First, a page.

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4 Disinfection Tips That May Surprise You

December 29, 2020

Disinfecting took on new prominence in 2020. Keeping bad germs out of your listings and office became critical in the pandemic. Americans learned more about the proper ways to disinfect this year.

For one, cleaning may be what you have traditionally done for prepping listings prior to 2020. Cleaning is all about aesthetics and a home looking spotless and ridding it of dirt. But sanitizing and disinfecting went mainstream in 2020. This is reducing and killing germs. “Sanitizing generally reduces the number of germs on a surface by 99.9 percent or more, whereas disinfecting kills virtually everything,” Apartment Therapy reports.

Apartment Therapy rounded out some of the rules learned about disinfection from a pandemic-filled year, including:

Clean before you disinfect

A disinfectant won’t work on a surface that isn’t cleaned first. “Viruses and bacteria can hide in organic material and dirt lingering on your home’s surfaces, which makes any disinfectant you try to use less effective,” Apartment Therapy notes. “Always use a detergent, like an all-purpose cleaner or soap and water, before using disinfectant.”

Don’t use bleach in a spray bottle

Avoid combining bleach with anything, including a spray bottle, Apartment Therapy warns. It can react with the metal parts of the trigger spray nozzle. It could cause rust and reduce its effectiveness. Instead, when using bleach, use a rag that is saturated with the diluted bleach solution.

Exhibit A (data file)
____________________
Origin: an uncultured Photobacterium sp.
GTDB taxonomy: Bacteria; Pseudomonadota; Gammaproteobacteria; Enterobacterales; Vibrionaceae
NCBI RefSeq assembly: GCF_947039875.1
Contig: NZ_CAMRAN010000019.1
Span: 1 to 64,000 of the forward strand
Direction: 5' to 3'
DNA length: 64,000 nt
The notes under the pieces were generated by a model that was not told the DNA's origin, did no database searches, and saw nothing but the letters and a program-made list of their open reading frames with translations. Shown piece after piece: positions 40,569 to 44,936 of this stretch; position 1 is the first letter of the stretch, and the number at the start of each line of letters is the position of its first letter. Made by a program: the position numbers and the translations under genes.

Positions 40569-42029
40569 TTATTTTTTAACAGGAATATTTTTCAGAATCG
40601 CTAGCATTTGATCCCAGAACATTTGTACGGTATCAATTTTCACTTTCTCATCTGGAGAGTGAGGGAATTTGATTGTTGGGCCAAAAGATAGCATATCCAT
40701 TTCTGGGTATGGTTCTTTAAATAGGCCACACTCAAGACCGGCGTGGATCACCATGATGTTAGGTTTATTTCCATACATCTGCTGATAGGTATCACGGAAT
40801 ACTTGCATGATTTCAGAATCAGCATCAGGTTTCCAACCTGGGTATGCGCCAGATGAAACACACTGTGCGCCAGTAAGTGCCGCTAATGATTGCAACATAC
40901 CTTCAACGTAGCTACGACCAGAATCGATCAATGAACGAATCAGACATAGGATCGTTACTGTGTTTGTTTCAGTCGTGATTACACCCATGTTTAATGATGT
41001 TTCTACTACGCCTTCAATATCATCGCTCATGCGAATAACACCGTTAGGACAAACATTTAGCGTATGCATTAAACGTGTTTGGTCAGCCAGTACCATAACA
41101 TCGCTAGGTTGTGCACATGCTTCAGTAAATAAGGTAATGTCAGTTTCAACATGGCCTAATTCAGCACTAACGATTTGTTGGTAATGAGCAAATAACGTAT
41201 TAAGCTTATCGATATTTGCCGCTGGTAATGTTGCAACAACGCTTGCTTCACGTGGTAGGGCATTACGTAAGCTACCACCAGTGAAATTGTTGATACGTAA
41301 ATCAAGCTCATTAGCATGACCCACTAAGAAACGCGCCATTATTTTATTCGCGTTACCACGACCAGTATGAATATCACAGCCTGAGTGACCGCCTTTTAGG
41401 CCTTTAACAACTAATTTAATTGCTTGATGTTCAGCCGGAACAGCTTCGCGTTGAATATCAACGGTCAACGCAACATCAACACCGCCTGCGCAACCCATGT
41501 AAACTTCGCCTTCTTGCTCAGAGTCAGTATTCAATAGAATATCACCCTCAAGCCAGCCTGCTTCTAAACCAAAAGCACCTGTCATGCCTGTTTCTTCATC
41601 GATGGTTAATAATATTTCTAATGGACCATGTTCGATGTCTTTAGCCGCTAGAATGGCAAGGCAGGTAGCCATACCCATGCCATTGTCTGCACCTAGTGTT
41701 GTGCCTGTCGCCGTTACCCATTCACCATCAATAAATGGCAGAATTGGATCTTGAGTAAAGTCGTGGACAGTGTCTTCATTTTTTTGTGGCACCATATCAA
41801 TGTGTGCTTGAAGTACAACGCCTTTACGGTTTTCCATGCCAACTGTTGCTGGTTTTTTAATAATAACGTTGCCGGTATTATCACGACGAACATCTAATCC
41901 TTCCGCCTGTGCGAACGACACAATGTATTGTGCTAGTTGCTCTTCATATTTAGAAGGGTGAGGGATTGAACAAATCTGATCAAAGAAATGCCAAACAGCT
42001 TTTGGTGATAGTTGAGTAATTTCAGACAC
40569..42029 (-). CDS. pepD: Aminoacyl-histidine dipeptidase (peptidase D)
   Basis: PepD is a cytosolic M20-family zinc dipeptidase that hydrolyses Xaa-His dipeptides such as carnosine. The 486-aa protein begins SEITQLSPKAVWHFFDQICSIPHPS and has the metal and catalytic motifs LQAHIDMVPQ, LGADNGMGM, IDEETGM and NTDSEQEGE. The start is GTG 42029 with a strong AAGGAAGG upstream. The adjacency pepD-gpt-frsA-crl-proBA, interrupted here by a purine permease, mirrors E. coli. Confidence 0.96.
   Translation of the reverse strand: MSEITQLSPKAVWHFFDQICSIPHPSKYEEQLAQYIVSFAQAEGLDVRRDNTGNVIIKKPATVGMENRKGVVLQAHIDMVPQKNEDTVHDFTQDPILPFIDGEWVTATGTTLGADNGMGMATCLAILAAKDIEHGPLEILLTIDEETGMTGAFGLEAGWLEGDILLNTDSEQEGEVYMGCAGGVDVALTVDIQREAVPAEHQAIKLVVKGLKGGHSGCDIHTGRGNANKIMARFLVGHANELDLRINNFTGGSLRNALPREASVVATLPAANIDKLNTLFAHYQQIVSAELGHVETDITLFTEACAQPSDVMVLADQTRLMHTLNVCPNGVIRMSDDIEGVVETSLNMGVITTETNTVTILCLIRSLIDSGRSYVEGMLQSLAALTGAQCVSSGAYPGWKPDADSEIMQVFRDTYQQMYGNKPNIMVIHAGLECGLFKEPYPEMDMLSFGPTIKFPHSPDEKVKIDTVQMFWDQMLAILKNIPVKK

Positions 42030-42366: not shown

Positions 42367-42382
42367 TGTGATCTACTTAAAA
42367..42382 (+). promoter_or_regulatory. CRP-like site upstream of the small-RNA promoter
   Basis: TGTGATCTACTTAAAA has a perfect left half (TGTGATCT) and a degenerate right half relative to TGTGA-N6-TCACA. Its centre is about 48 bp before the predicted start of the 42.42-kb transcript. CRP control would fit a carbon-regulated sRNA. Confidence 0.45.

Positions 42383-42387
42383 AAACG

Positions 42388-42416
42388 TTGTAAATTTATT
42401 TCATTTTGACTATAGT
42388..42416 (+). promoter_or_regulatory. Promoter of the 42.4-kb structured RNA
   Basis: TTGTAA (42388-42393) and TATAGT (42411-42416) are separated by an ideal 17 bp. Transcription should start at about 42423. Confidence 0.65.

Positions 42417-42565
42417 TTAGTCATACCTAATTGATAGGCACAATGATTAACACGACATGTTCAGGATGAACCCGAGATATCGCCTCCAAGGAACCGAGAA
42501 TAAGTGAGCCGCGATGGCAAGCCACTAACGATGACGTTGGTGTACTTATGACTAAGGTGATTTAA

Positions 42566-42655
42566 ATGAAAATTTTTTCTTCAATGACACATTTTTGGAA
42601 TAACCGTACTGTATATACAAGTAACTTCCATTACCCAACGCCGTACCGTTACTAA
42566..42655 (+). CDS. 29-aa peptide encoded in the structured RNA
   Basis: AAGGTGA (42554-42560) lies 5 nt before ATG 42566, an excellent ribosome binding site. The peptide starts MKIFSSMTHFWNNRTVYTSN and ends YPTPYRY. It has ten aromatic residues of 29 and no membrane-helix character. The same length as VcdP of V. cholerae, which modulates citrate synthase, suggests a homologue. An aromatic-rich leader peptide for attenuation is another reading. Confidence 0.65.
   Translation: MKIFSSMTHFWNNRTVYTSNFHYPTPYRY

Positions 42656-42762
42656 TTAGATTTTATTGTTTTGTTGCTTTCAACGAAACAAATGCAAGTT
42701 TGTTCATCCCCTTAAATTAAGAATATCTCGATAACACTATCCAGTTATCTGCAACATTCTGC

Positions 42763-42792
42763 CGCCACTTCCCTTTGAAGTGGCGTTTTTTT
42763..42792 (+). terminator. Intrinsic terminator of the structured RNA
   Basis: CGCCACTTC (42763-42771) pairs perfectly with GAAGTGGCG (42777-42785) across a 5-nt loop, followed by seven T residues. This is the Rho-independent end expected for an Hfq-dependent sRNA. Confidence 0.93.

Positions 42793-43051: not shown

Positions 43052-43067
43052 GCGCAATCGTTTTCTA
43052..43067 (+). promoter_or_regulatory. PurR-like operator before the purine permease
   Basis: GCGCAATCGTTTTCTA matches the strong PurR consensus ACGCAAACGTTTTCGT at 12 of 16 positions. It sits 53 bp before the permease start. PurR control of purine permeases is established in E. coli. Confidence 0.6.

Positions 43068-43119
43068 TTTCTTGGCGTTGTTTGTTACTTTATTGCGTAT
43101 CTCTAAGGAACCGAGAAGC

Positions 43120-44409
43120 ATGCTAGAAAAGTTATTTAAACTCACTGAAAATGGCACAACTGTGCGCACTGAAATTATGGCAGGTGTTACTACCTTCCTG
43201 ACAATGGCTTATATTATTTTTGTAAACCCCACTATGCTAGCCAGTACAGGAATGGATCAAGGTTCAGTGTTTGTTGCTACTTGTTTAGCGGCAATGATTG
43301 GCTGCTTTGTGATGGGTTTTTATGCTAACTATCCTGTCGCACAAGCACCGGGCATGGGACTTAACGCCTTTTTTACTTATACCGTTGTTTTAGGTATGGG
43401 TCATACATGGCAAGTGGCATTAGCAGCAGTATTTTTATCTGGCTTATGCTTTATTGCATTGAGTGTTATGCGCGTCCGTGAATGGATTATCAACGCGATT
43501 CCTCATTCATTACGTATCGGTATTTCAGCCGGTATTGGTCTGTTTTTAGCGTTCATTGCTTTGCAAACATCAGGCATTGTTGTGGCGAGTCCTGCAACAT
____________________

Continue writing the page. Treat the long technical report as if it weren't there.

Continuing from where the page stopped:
70% rubbing alcohol disinfects better than 91%

Rubbing alcohol can be used to kill viruses and bacteria. But don’t assume the higher the percentage, the more effective. “Ninety percent (or higher) alcohol solution can actually be too powerful in some scenarios—like when you’re cleaning food surfaces,” Apartment Therapy reports. “It has to do with the water content, which allows the solution to permeate the bacteria cell wall, and zap the whole thing.”

Wait for contact time

Don’t wipe away disinfectant too quickly after applying it. Disinfectant solutions need to remain on a surface for a specified length of time. This can vary, depending on the product. For example, a surface treated with Clorox Wipes needs to remain visibly wet for four minutes before it’s wiped away in order to work. Check the bottle to see the proper contact time.

Source: 
Everything We Learned About Disinfecting in 2020,” Apartment Therapy (Dec. 28, 2020)